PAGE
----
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Before we left, Richard took out his trusty pocket knife and snipped off a few sprigs of lilac. I have no idea who planted those bushes, now so overgrown, but their heavenly scent now fills my kitchen!

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Solitude

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Richard and I spent the past couple of days doing three of the things that we most enjoy at this time of year… camping, hiking and geocaching.

Big Knife Provincial Park, located in central east Alberta where Big Knife Creek flows into the Battle River, is less than an hour from home for us. Like many locations on the Canadian prairie, it takes it’s name from our native history. Two hundred years ago, the Blackfoot and Cree who inhabited the area were bitter enemies. According to legend, Big Man, a Cree, and Knife, a Blackfoot, fought near the banks of the creek, which at this time of year is little more than a muddy breeding ground for mosquitoes. Apparently both warriors died in the battle.

Though the campground and day use areas are probably somewhat busier on weekends and during the height of the summer, the park was almost empty while we were there providing us the peace and solitude we were looking for. We spent several hours on Wednesday tramping the River Flats trail system and yesterday we hiked the Highland trails. Though my stamina isn’t quite what I’m used to it being and we stopped to rest more often than we might have in the past, I was impressed that I could quite easily hike for several hours a day without completely wearing out.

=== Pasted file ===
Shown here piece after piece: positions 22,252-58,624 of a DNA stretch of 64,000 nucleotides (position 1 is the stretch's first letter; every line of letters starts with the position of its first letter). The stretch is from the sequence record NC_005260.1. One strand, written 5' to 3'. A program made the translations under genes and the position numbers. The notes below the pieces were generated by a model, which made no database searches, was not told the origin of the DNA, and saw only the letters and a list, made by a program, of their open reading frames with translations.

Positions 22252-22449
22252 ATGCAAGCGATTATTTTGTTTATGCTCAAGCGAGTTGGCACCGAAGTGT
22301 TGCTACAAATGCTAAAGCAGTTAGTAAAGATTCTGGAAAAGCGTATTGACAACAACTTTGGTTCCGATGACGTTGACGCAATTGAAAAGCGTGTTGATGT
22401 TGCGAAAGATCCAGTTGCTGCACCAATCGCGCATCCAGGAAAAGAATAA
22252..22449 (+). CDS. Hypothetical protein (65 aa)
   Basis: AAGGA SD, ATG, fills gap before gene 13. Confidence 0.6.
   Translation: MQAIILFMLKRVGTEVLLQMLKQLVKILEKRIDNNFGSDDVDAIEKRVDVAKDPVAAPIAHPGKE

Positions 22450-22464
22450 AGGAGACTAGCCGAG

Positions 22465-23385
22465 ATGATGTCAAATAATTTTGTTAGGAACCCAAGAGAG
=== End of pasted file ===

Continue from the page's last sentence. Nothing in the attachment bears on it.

The trails were far from challenging, mostly level and grass covered. With the sun shining overhead, tiny wildflowers strewn along our path, butterflies flitting around our ankles, birds singing in the nearby trees, and the sweet musky scent of the silver willow bushes wafting on the breeze, walking was a delight. We did do a bit of “real” hiking though, first leaving the River Flats trails to get a close-up view of the nearby hoodoos, then deciding to climb a steep hill and follow a narrow animal track along the top of a bluff that would have scared me out of my wits a few years ago before I overcame my fear of heights.

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Only one of the eleven geocaches hidden throughout the park eluded us. It was suppose to be at the end of that narrow animal track, though the cacher who placed it recommended coming at it from the other direction. We searched a wide area around the given coordinates but came up empty handed. The view was spectacular though and the trek well worth it.

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There’s a cache up there somewhere… maybe

Not all of the caches were out on the trails. Shortly before dusk, we spotted a beaver in the water’s edge munching on a stick while we were searching for the one that’s hidden not too far from the boat launch. I couldn’t get close enough to get a good photo, but we stood and watched him until he quietly slid into the water and swam away.

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Storm brewing

I love the solitude of nature; no TV, no telephone, and no internet, but I also love the conveniences of modern day camping. On Wednesday night, a storm blew in bringing much needed rain to the surrounding countryside but we were snug and warm in our trailer bed as the thunder crashed and lightning flashed. It had blown over long before morning came and oh, how well I slept!